Selective Prosecution and Unjust Condemnation

Perhaps this was the concern of the Lord Jesus when he was invited by the scribes and Pharisees to weigh in on the case of a woman caught in the act of adultery. While the incident is not found in the earliest manuscripts of John’s gospel and some Bible students dispute its canonicity, the Lord’s actions throughout are consistent with his steadfast refusal during his first advent to play the role of judge.

Though he does not remark on it, the Lord can hardly have failed to notice that the woman’s would-be prosecutors were intent on seeing “justice” carried out against only one member of what must surely have been an adulterous pair. So then, instead of either condemning or justifying the defendant as her accusers had hoped, Jesus rather enigmatically writes with his finger on the ground, then replies, “Let him who is without sin among you be the first to throw a stone at her.” Thus denuded of their moral authority, his critics gradually make their exit.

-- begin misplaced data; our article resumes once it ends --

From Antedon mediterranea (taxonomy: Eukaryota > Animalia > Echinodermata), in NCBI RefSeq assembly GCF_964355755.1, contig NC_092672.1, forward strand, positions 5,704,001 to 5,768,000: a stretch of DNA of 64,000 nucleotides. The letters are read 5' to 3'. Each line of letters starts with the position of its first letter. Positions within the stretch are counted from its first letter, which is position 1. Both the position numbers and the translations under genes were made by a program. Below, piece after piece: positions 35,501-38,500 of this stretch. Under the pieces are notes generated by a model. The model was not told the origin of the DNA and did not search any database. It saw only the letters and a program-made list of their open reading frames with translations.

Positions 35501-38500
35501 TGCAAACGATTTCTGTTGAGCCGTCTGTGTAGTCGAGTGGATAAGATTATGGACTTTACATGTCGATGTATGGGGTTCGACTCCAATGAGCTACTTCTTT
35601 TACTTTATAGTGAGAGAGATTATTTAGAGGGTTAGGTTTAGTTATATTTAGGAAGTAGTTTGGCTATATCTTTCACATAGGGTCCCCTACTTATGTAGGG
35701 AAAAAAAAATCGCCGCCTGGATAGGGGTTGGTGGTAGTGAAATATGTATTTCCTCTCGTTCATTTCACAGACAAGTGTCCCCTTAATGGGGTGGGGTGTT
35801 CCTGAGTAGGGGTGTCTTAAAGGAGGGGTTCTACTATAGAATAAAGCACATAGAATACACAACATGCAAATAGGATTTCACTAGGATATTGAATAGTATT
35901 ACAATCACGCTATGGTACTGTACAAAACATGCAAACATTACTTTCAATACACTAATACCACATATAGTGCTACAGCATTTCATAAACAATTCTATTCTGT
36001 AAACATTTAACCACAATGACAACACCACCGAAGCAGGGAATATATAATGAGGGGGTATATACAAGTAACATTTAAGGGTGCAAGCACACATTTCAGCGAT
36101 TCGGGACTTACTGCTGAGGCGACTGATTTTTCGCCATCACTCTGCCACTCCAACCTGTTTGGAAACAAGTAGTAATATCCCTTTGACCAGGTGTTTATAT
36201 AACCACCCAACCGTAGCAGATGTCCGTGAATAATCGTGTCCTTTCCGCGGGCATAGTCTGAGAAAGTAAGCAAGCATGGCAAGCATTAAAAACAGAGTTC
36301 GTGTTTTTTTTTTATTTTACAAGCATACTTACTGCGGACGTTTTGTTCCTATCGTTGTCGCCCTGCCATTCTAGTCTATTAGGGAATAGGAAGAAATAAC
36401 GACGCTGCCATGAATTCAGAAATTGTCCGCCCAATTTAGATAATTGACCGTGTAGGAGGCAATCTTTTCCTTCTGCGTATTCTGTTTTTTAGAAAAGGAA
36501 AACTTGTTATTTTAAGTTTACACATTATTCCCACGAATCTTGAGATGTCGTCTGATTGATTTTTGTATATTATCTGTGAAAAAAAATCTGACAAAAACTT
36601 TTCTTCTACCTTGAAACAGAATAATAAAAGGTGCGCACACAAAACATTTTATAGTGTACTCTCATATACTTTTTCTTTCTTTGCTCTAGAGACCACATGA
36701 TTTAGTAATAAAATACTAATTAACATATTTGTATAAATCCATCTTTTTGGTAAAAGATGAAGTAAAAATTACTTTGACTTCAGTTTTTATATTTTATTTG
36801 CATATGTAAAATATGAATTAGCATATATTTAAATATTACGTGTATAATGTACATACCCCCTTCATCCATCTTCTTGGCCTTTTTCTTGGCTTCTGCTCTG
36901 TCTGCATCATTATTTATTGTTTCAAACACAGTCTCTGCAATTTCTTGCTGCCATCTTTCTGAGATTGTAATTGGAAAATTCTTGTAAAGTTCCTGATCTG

Bye-Bye Bill

Assuming the incident is indeed canonical, it reminds us that the Law of Moses was never intended to be applied arbitrarily, inconsistently or selectively. It was meant to govern the conduct of rich as well as poor, leaders as well as led, religiously devout as well as publicans and sinners. It was meant to be applied equally to all adulterers regardless of their station in life.